He’s tried for years to accept his present. Joining the Avengers, defeating Hydra, and saving Bucky were all attempts to move on, but at the end of the day he’s still looking longingly through the window of the past at Peggy. She was supposed to be his future. In the final moments of, Captain America: The First Avenger, he runs into Time Square in a completely unrecognizable world and when a stranger in an eye-patch asks him if he’s going to be ok he says, “Yeah, its just…I had a date.” In the Endgame, Cap is surrounded by hundreds of Avengers and finally utters an, “Avengers…ASSEMBLE!” The problem is, no one in that battlefront is Peggy. So it should come as no surprise that, with time travel now in play, he can finally move on…to the past. As the credits are about to roll on the Infinity Saga, we are treated to a scene just moments after reuniting…Peggy Carter’s home…the door still swung open from Cap’s entrance…and they finally have their dance. It is a poetic and perfect end. Steve had to return to the past just as…

Tony Stark Had to Die

He started it all! There’s two ways to look at that. Iron Man, Tony Stark, can take credit for launching the MCU and creating a space for heroes to rise or it’s fair to say that it’s all his fault. Well, to be fair, it is his fault but the blame also lands on his father, Howard. Think about the big events that have pushed us through a decade of storytelling. Stark weapons and the wars they featured in manufactured and created the need for Iron Man. Sure, Tony had a literal and figurative change of heart, but when we put weapons down it nearly always creates new fears. Fears that simply never let Tony rest.

Avengers Endgame Iron Man GIF

A Stark missile planted the seeds of revenge that pushed Wanda to give Tony a nightmare that scared him into creating Ultron who incited the events in Sokovia that inspired the Sokovia Accords that started the civil war that broke apart the Avengers who then weren’t ready for Thanos. Tony is a futurist, but a side effect is that living in the future means living with fear. Allowing our minds to constantly live in the future places us in the prediction business and part of predicting the future means accounting for the worst possible scenario. The vision from Scarlet Witch wasn’t new. It was already something in Tony’s mind, but that’s not all that has been in his mind since the beginning.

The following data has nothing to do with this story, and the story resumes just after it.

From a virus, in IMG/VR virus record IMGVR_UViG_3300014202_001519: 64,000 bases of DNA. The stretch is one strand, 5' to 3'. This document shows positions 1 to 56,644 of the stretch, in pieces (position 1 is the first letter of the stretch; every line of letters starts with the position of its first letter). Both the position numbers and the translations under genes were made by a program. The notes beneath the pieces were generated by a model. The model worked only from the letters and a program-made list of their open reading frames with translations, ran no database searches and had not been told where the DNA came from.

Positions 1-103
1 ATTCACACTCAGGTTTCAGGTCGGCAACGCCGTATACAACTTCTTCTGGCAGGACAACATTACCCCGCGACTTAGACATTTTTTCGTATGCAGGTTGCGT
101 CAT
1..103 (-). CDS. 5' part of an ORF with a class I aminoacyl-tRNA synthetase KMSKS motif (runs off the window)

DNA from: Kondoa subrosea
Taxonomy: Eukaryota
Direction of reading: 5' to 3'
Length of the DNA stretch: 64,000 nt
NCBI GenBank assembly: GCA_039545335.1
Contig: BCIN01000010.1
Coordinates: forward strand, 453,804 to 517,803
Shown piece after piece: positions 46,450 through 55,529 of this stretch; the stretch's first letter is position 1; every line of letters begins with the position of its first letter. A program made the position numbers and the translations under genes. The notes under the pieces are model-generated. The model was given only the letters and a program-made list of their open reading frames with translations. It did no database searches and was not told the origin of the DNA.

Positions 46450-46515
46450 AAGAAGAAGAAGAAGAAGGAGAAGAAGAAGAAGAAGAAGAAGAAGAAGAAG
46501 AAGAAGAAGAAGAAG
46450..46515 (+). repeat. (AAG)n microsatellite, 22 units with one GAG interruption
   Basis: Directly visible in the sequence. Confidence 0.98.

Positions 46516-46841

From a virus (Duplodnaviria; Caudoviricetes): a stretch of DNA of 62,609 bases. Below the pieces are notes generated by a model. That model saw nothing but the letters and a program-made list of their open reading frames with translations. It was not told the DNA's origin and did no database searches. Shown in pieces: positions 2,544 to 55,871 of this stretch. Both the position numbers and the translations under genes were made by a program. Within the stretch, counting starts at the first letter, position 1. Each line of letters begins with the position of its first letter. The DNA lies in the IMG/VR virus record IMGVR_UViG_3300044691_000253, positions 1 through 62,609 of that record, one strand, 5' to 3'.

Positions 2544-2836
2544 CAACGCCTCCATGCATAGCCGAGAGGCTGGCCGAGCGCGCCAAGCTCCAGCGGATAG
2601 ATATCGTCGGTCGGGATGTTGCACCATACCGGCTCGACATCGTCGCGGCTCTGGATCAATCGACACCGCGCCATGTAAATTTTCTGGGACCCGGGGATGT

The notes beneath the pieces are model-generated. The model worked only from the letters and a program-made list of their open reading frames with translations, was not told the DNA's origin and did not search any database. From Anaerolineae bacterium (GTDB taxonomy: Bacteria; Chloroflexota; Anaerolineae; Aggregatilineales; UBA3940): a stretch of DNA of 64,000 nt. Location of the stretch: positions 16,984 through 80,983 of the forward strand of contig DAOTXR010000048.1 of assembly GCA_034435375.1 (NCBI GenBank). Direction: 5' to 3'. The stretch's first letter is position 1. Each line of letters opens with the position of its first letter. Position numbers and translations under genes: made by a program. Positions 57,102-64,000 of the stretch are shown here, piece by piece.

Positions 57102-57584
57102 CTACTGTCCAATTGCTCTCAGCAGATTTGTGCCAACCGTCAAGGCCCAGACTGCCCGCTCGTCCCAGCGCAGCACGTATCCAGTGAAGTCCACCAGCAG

Avengers Big Three GIF

Tony wanted so desperately to shift the focus of his company and his family to making the future brighter, but it has always been tied to a dark past. All of his solo films featured villains born of his father’s mistakes and mistakes he made trying to be his father. So Tony’s tireless work isn’t just about ridding the future of fear, it was about breaking the cycles of the past. The problem is that Tony was a part of that past. So much of the world viewed Howard as a villain and that made it impossible to view Tony as a part of a purely optimistic future. When Tony wielded the iron Infinity Gauntlet and completed the snap that ended his life, he was breaking the thick chains of his father’s past mistakes and redeeming his present mistakes for all time. This could have only happened with the next generation watching, and now Morgan Stark will grow up in a world where Iron Man is the hero that saved the universe. Tony Stark gave his life very publicly for the sake of a future that his child, and many others, can now imagine without fear. That is what heroes do.

Black Widow’s Ledger is Clean

Redemption sure does come with a high cost. This is something Natasha Romanoff knows all too well. Tony Stark did almost everything in front of the brightest flashbulbs and biggest crowds he could. He was the Avengers’ most public hero, and his contrast was the Black Widow. From the very beginning, she has been the definition of a spy. She was complex, always playing multiple sides and evaluating every scenario like a chess board. Spies have to stay hidden to do their best work. And so it makes sense that while Tony’s death was very public, Natasha’s was very private and intimate. She died in the company of a close friend on a remote planet and was mourned by a small group at a secluded base. The nature of her death definitely makes sense, but the death itself definitely doesn’t to anyone…but her.

Black Widow Hawkeye GIF

Natasha could never have a family like Hawkeye or Tony. She didn’t have the purity of Captain America or the powers of Thor, but Black Widow’s life is no less valuable than any of the other Avengers. However, it has been obvious from the first Avengers movie, and even more so in Age of Ultron, that she felt very differently. Throughout, these films Black Widow has carried a very heavy weight, as she calls it a ledger with red in it. All she has ever wanted to do was to repay that debt to the world, and seemingly specifically to Clint Barton, Hawkeye, as she tells Loki in The Avengers. Tony couldn’t rest because of his fear, but Natasha could never rest because of the weight of this debt.